PHP Tutorial: Reset Password form.

This is a short tutorial on how to create a simple Reset Password form with PHP and MySQL. In this article, I will go over the basics of what is involved, as well as the security principals that need to be taken into consideration.

Database tables.

For the purposes of this guide, I have created two MySQL tables.

Our users table, which stores the user’s name, email address and password.

As you can see, I have taken the liberty of creating a user called “Joseph Sellars” with the email address “[email protected]”. We will assume that this is the email address that John used when he was signing up with our website. Note that the password column is filled with random nonsense that I typed in when creating the user row.

I have also created a table called password_reset_request, which will store information about any “forgot password” requests that have been made.

In the table above, we are storing three key pieces of information:

  1. The ID of the user that this “forgot password” request is for.
  2. The date and time that this request was made. This is important if you want to limit the amount of requests that can be made for a particular user account over a certain period of time.
  3. A cryptographically secure token that will help us to verify the user making the request. Without this token, our “forgot password” form would be extremely easy to hack.

Note that data is only inserted into the password_reset_request table if a valid email address has been found in our users table.


Here are some PHP samples that you can use for your Reset Password system. In these examples, I will be using the PDO extension, as it gives us the ability to use prepared statements. I am not going to create the HTML forms as I am assuming that you are experienced enough to handle that part by yourself.

An example of handling a “forgot password” request using the PDO object in PHP:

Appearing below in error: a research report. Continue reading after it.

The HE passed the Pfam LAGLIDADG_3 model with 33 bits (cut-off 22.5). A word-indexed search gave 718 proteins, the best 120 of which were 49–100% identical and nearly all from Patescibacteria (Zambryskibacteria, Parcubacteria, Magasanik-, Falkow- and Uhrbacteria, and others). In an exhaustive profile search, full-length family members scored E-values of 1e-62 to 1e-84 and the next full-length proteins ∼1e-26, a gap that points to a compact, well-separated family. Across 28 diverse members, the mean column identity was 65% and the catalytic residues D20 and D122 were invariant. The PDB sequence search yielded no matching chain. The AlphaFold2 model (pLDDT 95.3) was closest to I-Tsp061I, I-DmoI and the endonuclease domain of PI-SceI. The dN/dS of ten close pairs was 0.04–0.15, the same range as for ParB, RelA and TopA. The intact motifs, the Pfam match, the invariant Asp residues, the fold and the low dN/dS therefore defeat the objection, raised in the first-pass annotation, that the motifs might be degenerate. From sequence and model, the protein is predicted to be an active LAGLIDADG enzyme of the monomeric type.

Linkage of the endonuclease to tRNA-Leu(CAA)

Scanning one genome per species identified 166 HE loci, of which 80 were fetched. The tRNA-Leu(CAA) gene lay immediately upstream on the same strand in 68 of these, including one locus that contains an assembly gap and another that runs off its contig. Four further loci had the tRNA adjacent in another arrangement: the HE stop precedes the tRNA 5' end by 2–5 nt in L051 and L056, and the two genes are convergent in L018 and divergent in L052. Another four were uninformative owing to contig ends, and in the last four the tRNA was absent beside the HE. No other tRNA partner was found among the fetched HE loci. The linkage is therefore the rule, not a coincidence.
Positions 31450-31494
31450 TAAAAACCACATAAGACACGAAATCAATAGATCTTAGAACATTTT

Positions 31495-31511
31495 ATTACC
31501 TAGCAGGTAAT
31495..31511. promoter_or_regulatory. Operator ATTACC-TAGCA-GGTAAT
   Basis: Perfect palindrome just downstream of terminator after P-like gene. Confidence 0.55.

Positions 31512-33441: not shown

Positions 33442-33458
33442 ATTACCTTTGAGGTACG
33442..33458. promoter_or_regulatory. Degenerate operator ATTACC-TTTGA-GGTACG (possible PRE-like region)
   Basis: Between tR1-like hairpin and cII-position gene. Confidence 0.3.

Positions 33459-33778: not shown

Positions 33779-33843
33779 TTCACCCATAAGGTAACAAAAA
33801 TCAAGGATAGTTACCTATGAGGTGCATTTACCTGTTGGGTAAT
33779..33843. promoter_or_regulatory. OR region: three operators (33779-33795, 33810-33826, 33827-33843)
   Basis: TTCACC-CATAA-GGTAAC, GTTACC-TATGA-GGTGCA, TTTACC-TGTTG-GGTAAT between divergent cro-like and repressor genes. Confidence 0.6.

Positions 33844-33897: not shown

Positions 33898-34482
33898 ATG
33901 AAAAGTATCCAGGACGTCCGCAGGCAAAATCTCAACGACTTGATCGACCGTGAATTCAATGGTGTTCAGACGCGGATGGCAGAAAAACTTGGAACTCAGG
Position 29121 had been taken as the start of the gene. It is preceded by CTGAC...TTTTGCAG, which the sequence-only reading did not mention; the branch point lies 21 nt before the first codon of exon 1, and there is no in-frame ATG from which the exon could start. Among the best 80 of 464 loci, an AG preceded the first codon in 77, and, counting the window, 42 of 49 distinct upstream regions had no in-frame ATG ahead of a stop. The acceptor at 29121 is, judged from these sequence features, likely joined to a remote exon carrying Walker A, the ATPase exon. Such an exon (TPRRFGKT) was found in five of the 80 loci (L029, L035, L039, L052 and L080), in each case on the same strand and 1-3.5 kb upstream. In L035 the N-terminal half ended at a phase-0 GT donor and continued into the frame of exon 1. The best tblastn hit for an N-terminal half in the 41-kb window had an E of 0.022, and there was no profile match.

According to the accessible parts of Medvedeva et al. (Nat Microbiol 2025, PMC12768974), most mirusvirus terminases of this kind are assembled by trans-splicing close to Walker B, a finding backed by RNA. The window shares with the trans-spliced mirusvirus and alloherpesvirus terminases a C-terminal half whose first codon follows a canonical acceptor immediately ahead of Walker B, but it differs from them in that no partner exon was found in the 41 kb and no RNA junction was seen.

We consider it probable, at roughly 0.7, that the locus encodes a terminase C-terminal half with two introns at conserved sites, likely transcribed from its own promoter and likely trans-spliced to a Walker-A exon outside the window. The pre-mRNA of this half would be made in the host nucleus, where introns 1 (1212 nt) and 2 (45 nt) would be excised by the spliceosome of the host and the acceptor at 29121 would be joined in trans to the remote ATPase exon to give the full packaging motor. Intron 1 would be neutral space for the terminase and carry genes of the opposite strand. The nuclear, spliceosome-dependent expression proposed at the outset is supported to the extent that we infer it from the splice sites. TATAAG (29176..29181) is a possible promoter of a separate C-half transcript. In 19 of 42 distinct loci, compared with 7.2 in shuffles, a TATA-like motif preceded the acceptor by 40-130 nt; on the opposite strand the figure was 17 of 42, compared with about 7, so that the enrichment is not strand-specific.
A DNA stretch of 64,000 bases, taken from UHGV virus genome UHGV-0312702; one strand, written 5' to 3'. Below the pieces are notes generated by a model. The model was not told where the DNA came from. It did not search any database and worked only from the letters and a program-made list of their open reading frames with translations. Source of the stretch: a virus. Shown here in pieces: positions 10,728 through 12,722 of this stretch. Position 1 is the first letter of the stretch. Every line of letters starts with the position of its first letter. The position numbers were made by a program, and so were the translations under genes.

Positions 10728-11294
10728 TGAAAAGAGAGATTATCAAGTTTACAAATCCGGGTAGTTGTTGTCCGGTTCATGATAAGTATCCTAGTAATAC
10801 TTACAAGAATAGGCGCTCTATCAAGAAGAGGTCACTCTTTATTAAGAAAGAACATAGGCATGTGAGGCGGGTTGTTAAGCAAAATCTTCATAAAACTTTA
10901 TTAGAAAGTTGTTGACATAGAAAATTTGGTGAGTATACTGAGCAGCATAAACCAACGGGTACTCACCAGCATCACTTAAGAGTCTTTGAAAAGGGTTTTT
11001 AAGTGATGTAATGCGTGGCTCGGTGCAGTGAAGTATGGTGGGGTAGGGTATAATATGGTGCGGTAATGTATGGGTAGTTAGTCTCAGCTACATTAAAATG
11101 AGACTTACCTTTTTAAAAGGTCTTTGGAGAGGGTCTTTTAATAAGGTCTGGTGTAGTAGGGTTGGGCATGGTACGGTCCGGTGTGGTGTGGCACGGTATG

A drilldown of the code sample above:

  1. We connect to our MySQL database using the PDO extension.
  2. We retrieve the email address that was entered into our “Forgot Password” address. For the purposes of this example, I am assuming that it can be found in a POST variable called “email”.
  3. We check to see if the email address can be found in our users table. If it is not found, we print out a simple message and kill the script. Obviously, you will probably want to handle this error in a more user-friendly manner. See: Form validation with PHP.
  4. We generated a random token using PHP’s openssl_random_pseudo_bytes function.
  5. We inserted the user’s ID, the current date and time and our random token into theĀ password_reset_request table.
  6. We constructed a HTTP link using the token, the user’s ID and the primary key of the row that we just inserted. We used PDO:lastInsertId to get the ID of the row that we just inserted.
  7. We printed the link out onto the page.

Obviously, you will want to send this link to the user’s email address. How you wish to send the email or format it’s display is completely up to you.

When the user opens their email and clicks on the link that we sent them, they will be brought to our forgot-pass.php script. It is here that we will validate the request and allow them to change their password or not:

In the code above:

  1. We retrieved the user’s ID, the password request ID and the secure token from the URL. If the user clicks on the link that we sent them, then these variables should be present in the $_GET array.
  2. We queried our MySQL table to make sure that these variables are valid and that they match up with a valid Forgot Password request. If the request is not valid, we simply kill the script.
  3. If the request is valid, we assign their user ID to a session variable called “user_id_reset_pass” before redirecting them to a session-protected page that will allow them to create a new password. On that page, you can have a create password form. Once the user submits their new password, simply update the password field for the user ID found in “user_id_reset_pass” and then ask them to login with their new password.

Hopefully, you found this tutorial to be useful!

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